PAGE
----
There’s very little rest in between games inside the Philippine Basketball Association (PBA) bubble. And it would make sense to manage players’ minutes during games.
But in the current Philippine Cup, TNT has thrown out new wisdom when it comes to Ray Parks Jr. TNT’s two-way star has seen the most minutes in this tournament so far averaging 41.12 minutes in an environment where players only enjoy two-day breaks at the most.But he’s not one to complain.
“This is all mental. My body may be broken but at the end of the day, it’s all mental,” Parks told the Inquirer on Thursday.
“It’s not an easy situation being in a bubble and playing these games, playing [a] hell [lot] of minutes,” he added. “I mean, we still got to do what we got to do.”
Parks made those remarks on the heels of a scintillating performance that kept TNT alive in their semifinal series against No. 2 Phoenix. He was the top scorer in TNT’s 102-101 escape from the Fuel Masters on Wednesday night at Angeles University Foundation.
The sweet-shooting second-generation PBA talent had 36 points built around a 5-for-8 conversion rate from long distance and a highly efficient 11-for-14 free throw clip.
And he doesn’t mind adding more minutes if it means TNT—one of the two clubs favored by many to win it all after San Miguel Beer’s unceremonious exit from the bubble— gets to Finals.
“We’re already sacrificing. We’re already here. So we have to take advantage of this opportunity,” he said. “Not a lot of people have this opportunity—that we’re able to play the game that we love.”
“So it’s more of that: fighting through whatever pain. Nobody knows what anybody’s going through or like my aches and pains. But hey, we’ll fight through that. It really doesn’t matter when we get on the court,” he added.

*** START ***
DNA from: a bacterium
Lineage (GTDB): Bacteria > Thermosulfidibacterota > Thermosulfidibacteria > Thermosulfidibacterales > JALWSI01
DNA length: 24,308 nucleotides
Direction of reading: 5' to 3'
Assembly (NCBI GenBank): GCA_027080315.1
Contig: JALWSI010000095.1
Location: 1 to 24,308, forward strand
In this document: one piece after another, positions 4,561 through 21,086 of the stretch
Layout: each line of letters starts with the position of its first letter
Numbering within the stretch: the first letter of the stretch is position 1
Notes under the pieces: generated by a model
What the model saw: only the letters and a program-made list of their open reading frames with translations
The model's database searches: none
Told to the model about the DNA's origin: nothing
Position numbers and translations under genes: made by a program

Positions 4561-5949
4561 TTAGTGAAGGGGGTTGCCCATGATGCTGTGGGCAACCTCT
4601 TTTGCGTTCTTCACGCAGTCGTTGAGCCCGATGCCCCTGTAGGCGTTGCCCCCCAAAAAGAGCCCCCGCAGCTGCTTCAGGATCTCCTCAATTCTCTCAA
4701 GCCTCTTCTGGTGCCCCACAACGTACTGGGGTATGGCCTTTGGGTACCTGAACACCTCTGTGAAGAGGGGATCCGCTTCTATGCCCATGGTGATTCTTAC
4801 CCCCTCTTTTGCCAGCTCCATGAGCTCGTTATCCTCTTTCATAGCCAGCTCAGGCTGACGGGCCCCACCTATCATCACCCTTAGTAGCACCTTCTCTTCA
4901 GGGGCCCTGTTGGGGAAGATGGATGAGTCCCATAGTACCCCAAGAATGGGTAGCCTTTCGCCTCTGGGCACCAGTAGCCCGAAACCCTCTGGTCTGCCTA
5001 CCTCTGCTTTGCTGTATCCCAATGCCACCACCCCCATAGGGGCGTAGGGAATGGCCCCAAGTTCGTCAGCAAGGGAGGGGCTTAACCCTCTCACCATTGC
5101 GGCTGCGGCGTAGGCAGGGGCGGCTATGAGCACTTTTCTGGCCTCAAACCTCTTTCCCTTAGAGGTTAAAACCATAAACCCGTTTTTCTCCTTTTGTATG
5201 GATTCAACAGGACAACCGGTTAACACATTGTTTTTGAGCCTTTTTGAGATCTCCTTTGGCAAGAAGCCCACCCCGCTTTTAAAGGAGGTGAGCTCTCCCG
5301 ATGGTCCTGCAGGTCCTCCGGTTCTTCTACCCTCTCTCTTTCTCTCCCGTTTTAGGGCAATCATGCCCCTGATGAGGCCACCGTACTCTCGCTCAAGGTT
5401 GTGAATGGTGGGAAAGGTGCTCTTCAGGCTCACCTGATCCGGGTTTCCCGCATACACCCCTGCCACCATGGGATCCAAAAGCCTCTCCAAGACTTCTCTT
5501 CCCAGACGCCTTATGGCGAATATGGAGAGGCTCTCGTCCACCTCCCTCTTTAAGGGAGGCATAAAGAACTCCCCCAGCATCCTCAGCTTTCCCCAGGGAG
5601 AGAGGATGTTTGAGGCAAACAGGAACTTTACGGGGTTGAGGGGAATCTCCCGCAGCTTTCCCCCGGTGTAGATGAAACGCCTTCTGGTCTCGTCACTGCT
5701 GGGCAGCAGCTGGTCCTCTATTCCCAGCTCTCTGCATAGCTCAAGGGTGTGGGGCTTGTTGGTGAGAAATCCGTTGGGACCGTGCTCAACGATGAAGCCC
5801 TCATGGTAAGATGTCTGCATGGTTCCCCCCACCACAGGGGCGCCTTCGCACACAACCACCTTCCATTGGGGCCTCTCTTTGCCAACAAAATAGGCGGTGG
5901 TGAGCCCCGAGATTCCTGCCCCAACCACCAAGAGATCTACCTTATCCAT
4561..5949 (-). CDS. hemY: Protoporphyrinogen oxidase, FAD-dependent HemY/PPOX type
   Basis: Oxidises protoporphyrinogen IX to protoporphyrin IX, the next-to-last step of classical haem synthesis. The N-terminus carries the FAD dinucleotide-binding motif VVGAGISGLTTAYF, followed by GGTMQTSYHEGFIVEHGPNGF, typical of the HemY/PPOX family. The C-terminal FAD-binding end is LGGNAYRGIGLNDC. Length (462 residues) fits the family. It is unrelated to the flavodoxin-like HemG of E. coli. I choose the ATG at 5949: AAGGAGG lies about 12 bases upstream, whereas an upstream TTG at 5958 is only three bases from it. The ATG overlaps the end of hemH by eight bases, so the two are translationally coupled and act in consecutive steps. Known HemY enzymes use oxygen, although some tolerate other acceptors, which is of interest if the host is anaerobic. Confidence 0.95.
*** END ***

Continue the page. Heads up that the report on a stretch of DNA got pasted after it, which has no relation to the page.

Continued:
There was a touch of drama and emotion on Parks’ finest scoring performance in the playoffs: It came on the eve of the birthday of his late father, PBA great and seven-time best import awardee Bobby Ray.
“He’s always watching over me,” he said with a noticeable smile underneath a face mask.
But more palpable was the touch of urgency. On the brink of elimination, Parks willed this talent-laden and expensive TNT roster to the precipice of a PBA Finals appearance.
He almost singlehandedly butchered a last-ditch attack by Phoenix in the stretch and won an old-school shootout with fellow national team gunner Matthew Wright.
“Matthew’s such a talented player. A great shooter, great guy on and off the court. He has that dog in him,” he said. “I love going up against him. He makes me better, I make him better.”
Parks, however, was quick to note that the strides TNT has made thus far is all thanks to a collective showing.
And within that emphasis was a promise.
“We’re still fighting,” he said. “We still got a lot more to show.”
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